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US Army Pilot, Egypt, and a Museum Theft

The U.S. Immigration and Customs Enforcement has issued a Press Release, "U.S. arrests Army pilot for dealing in stolen Egyptian antiquities" (February 6, 2008).

It announces "the arrest of Edward George Johnson, an active U.S. Army helicopter pilot, on charges relating to his sale of stolen Egyptian antiquities". His role is given:
Johnson, 44, a Chief Warrant Officer with the United States Army whose duties include piloting and commanding attack and scout helicopters, was deployed to Cairo from February to October of 2002.
The objects, derived from excavations, are reported to have been stolen from a museum:
In late September 2002, approximately 370 pre-dynastic artifacts were stolen from the Ma'adi Museum near Cairo, Egypt. The artifacts, dating to 3000 B.C. and earlier, were originally discovered during an excavation in Egypt in the 1920s and 1930s.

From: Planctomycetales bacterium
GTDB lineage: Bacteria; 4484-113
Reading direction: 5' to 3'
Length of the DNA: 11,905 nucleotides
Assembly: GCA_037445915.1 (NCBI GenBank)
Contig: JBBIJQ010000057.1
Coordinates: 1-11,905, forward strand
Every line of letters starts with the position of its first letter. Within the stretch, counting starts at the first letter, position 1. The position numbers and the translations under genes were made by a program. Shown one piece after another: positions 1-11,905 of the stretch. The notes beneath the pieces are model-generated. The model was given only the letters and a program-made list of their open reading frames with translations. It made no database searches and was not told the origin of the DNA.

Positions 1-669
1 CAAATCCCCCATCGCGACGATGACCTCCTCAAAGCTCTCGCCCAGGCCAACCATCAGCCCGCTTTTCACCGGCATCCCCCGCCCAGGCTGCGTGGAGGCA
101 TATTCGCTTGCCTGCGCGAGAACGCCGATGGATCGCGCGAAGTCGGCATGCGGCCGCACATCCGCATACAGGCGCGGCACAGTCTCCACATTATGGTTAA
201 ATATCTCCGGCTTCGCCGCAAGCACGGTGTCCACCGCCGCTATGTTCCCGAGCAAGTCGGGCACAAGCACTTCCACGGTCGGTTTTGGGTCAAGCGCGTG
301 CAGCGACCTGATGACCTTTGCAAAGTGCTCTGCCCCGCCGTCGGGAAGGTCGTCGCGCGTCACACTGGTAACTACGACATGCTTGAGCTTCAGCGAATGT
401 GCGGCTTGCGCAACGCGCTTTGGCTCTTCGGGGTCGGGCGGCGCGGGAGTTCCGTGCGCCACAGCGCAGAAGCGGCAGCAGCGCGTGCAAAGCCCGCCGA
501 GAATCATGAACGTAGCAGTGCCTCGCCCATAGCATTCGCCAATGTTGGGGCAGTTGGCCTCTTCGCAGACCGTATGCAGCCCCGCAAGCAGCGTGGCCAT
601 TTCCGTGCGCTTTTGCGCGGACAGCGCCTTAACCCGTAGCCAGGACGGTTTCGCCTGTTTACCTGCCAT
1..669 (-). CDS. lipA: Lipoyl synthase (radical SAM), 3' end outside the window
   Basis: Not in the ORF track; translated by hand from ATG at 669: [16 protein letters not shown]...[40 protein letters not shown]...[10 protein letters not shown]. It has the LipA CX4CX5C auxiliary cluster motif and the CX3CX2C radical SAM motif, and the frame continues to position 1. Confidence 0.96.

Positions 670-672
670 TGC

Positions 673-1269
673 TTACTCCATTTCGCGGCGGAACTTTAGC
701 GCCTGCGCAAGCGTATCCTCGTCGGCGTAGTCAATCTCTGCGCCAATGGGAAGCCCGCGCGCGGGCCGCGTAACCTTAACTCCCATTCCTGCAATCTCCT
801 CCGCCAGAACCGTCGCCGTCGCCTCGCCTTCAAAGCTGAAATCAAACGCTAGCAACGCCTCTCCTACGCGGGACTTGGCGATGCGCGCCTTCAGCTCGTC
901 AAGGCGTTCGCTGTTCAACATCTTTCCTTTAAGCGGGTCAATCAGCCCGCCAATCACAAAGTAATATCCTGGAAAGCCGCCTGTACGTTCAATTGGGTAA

The statement goes on:
In January 2003, Johnson contacted an art dealer in Texas and offered to sell the dealer a collection of Egyptian antiquities. Johnson told the art dealer that his grandfather had acquired the antiquities when he worked in Egypt in the 1930s and 1940s, and that the antiquities had remained in the family ever since. Based on Johnson's representations regarding the antiquities' provenance, the art dealer paid approximately $20,000 to Johnson for approximately eighty pieces. The art dealer later consigned pieces from that collection to galleries and collectors in New York, London, Zurich and Montreal.
But if 370 pieces were stolen, and Johnson handled eighty, what has happened to the other 290?


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